10 March 2010

Tombeau de Berlioz


Hector Berlioz is among the most preeminent of 19th Century composers and his greatest contribution to the world of music was the complete revolutionizing of orchestration. He made the use of the orchestra into an art form of its own (arguably at the potential expense of musical depth for all composers thereafter). The extreme of that development came in the form of "Klangfarbenmelodie," the early 20th Century style of music defined entirely by its use of instrumental color. This is a style that I've largely shied away from (especially lately), but in honor of the great French Master, today have decided to give it another stab. I'm mixed on the results, not to mention the tremendous dissatisfaction from rendering orchestral music completely electronically.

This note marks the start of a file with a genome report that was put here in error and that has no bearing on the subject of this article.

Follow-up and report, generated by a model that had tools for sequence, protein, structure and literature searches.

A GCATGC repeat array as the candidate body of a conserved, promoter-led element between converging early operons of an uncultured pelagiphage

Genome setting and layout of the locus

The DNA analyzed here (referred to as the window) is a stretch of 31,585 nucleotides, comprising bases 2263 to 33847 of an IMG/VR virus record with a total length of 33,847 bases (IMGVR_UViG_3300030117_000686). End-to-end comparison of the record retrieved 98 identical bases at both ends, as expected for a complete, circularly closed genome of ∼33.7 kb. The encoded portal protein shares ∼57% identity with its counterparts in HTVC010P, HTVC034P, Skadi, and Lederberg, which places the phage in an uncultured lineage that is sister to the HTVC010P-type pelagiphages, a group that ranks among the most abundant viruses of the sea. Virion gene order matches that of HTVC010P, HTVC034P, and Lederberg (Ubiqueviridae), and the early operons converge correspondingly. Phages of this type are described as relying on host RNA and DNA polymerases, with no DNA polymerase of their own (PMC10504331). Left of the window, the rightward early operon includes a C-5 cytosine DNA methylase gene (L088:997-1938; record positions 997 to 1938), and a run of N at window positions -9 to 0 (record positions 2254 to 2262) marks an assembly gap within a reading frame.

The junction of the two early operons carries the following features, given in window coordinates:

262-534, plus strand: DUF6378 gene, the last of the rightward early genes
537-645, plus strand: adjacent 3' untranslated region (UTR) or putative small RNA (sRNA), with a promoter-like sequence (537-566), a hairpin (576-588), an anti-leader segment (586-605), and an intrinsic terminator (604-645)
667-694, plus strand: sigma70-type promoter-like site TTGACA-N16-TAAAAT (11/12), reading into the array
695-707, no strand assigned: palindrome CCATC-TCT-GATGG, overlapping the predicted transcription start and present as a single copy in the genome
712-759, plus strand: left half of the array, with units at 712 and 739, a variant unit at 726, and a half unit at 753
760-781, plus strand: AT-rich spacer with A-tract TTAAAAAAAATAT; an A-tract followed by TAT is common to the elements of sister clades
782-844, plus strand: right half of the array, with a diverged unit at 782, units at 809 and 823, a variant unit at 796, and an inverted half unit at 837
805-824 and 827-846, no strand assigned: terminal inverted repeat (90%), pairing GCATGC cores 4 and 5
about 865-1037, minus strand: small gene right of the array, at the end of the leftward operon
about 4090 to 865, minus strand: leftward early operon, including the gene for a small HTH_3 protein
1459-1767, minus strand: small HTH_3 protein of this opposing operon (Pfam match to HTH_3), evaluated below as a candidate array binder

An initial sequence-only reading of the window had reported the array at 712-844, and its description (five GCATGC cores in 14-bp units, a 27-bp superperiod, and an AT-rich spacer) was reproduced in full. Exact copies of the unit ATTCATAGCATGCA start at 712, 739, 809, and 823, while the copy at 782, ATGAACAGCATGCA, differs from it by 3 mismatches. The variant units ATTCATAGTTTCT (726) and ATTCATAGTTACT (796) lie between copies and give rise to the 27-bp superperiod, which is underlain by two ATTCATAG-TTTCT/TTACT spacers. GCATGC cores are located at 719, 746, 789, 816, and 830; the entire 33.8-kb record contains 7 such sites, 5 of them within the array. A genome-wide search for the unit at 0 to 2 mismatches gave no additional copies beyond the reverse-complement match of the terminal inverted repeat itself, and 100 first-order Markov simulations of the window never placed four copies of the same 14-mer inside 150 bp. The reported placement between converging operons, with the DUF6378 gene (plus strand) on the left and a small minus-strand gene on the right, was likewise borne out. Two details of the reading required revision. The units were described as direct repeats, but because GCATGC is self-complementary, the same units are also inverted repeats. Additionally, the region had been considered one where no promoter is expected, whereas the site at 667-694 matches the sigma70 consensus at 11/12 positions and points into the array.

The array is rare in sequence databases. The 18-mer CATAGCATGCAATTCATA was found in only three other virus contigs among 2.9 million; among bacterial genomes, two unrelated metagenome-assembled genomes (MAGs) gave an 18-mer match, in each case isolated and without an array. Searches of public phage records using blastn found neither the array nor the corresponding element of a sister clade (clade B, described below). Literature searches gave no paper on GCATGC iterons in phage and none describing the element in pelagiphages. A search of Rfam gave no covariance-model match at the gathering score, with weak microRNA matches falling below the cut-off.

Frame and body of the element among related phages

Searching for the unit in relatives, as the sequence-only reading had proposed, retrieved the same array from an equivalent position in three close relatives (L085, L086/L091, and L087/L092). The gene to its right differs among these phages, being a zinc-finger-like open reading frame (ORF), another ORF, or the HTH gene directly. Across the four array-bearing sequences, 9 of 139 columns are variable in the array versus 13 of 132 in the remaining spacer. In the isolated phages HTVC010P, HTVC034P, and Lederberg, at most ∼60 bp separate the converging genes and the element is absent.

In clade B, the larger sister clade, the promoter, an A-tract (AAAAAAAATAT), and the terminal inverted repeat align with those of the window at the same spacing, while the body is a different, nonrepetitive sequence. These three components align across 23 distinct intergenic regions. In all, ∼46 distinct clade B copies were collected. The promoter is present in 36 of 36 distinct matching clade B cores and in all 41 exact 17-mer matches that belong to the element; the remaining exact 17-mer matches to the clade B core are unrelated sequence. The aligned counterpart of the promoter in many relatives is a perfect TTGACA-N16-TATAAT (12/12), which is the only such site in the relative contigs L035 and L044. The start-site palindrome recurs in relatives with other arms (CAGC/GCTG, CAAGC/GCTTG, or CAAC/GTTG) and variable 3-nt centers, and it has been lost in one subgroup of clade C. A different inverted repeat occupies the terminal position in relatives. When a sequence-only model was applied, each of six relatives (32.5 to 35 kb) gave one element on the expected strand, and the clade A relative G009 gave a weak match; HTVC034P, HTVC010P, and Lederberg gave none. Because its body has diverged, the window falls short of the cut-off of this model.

Here is my orchestra of color. Each individual section gives off its own rich colored light, bright and brilliant. If only a single color is lit the result is a projection of that color onto whatever object it is aimed at. When all three colors shine, however, the result is white light. Not all that shocking given the primary colors and the wave property of light, but I thought it was an interesting corollary to Berlioz's orchestration.

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